Let's look back over the past few years-what we got right and where we went wrong.
Do you recall how you felt at your last class reunion? Well, that's exactly what an...
Electric Retailing: When Will I See Profits?
preference for the product). Domestic customers tend to stick with their incumbent provider. As noted by authors of another study, "In the UK domestic gas market, even with discounts of 15-25 percent, just 20-25 percent of all customers have switched suppliers after a year of competition." (Keith Leslie, David Kausman, and Gustav Bard, "A New Generation in Europe," , 1999.)
Customers pay for value. Innovative electricity products tailored to customer preferences (for example, a product tailored to customers who want "to talk to a person when I have a problem or a question") can acquire 20 percent or more in market share even though they are priced at 30 percent price premiums. Of course, this fact shouldn't be surprising. Customers pay for value; the outstanding question is "What counts as value?" EPRI's latest research suggests that many value-creating opportunities exist in retail markets, and at much higher margins than retailers have seen to date.
Past EPRI research of the British market by Alex Henney found that there is "no value in value-added services," because most customers did not see a compelling reason to buy such services from their energy providers. ("Energy Marketing: Is there Value in Value Added?" , Sept. 15, 1997, p. 30.)The recent findings of "ShareWars" suggest that it might be worth revisiting this issue.
California - Savings Guaranteed. As part of California's Assembly Bill 1890, all residential and small commercial customers received a 10 percent reduction in their electricity bill, whether they switched or not. This was intended to appease opponents of deregulation who had argued that it would benefit only large power customers. It appears that no one estimated how big an obstacle to customer switching this 10 percent price cut would be. The new entrants had to come up with significant benefits for customers to overcome their natural aversion to switching. A substantial body of research indicates the first-best option for most customers is to stay with their incumbent provider, and simply get the same product at a lower price.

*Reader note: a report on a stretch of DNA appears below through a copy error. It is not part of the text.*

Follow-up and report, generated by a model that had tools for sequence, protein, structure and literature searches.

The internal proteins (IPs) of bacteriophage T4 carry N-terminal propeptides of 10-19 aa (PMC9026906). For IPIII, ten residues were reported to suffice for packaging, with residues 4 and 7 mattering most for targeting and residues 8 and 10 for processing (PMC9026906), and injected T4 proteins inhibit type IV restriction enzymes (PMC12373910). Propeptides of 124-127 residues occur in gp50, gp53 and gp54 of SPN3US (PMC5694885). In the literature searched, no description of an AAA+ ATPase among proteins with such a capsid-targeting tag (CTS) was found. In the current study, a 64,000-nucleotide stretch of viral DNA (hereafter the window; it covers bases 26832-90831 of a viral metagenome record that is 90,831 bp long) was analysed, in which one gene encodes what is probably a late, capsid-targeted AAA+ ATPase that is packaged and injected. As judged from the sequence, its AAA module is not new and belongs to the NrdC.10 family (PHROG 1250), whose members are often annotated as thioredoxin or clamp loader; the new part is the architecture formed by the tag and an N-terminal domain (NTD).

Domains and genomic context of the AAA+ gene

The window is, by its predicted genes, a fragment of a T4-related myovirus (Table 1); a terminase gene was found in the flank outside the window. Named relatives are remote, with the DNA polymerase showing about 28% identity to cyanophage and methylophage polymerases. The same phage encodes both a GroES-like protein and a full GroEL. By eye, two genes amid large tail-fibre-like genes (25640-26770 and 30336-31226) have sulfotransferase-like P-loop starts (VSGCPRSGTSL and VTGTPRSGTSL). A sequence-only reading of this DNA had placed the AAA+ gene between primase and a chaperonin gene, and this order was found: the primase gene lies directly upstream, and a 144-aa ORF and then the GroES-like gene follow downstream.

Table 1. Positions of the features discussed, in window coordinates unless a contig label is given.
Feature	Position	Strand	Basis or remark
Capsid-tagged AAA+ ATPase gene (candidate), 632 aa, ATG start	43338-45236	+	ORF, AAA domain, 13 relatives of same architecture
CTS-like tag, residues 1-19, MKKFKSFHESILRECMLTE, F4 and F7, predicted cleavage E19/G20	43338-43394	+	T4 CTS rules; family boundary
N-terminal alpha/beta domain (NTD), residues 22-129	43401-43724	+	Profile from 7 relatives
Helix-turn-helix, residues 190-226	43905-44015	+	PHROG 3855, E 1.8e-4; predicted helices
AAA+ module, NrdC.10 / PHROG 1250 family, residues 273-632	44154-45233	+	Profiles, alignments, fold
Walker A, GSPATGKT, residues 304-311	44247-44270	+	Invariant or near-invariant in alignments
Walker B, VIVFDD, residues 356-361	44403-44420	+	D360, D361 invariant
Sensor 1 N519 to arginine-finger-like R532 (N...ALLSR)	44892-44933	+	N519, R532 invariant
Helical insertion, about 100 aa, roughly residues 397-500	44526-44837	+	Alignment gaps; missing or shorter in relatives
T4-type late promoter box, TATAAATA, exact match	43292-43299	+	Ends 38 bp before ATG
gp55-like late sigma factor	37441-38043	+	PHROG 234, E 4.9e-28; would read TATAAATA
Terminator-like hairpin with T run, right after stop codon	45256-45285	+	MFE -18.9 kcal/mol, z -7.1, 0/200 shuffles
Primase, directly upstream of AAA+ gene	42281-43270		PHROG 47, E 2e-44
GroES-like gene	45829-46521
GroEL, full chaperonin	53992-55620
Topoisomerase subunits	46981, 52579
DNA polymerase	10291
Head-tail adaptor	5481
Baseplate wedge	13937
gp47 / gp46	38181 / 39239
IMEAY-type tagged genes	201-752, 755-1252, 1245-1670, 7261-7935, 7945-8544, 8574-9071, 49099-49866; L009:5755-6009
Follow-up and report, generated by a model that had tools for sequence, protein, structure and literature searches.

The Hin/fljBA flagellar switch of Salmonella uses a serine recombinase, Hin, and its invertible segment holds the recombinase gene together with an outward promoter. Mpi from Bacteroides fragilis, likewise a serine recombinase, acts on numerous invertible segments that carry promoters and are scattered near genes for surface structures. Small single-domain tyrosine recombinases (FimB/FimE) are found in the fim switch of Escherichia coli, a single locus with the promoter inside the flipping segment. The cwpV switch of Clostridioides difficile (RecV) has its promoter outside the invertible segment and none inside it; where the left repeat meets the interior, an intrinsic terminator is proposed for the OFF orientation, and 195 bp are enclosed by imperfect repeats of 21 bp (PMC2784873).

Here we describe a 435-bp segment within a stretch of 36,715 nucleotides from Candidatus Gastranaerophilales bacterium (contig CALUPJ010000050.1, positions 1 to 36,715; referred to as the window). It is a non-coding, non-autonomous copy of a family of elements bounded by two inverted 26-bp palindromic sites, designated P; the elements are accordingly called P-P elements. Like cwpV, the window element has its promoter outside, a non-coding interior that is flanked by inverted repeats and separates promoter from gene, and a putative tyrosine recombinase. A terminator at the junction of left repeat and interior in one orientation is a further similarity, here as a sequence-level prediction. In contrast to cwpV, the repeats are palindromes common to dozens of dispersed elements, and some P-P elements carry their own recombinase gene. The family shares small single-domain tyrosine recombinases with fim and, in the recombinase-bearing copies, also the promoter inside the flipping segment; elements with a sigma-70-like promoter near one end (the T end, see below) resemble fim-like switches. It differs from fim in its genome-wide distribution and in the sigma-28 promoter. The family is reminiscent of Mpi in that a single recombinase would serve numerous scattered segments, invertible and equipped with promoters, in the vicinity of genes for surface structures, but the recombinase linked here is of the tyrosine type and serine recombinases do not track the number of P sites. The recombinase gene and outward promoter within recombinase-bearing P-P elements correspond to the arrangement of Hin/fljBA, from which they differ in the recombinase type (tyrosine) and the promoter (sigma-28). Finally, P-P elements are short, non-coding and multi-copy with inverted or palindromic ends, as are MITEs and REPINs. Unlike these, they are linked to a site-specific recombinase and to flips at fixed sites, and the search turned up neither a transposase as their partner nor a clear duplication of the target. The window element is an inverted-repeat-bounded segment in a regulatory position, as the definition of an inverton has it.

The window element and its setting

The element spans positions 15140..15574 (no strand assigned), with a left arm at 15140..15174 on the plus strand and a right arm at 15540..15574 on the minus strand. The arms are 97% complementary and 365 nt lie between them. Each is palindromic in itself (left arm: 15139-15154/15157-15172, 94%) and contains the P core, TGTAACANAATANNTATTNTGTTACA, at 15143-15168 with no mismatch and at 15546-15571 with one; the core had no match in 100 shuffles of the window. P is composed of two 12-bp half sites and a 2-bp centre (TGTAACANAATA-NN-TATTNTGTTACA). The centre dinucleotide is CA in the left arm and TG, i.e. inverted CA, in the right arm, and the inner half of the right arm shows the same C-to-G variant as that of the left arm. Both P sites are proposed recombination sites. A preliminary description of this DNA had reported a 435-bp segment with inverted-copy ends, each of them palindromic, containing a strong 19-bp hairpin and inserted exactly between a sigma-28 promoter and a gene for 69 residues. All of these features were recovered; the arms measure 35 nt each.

Enron Energy Services, one of the leading ESPs, exited the California market within two months of operation. Its value proposition for mass-market customers - two weeks of free electricity after one year of service - failed to attract even 1 percent of customers. Enron's market research studies had indicated that 10 percent of customers would switch without any price incentive, because most customers had a poor opinion of their incumbent providers. However, they had not factored in the incumbency bias that would be created by a 10 percent price cut. 12
While the ESPs could provide the same 10 percent price cut to a customer, in order to get the customers to switch they had to exceed that amount to overcome the transaction costs such as time, uncertainty, and risk-aversion. This proposition proved unworkable, because the enabling legislation, AB 1890, had imposed a rate freeze, and instituted a competitive transition charge (CTC) to recover stranded costs. The CTC is estimated as a residual in the interplay between the frozen rates and the time-varying wholesale cost of power,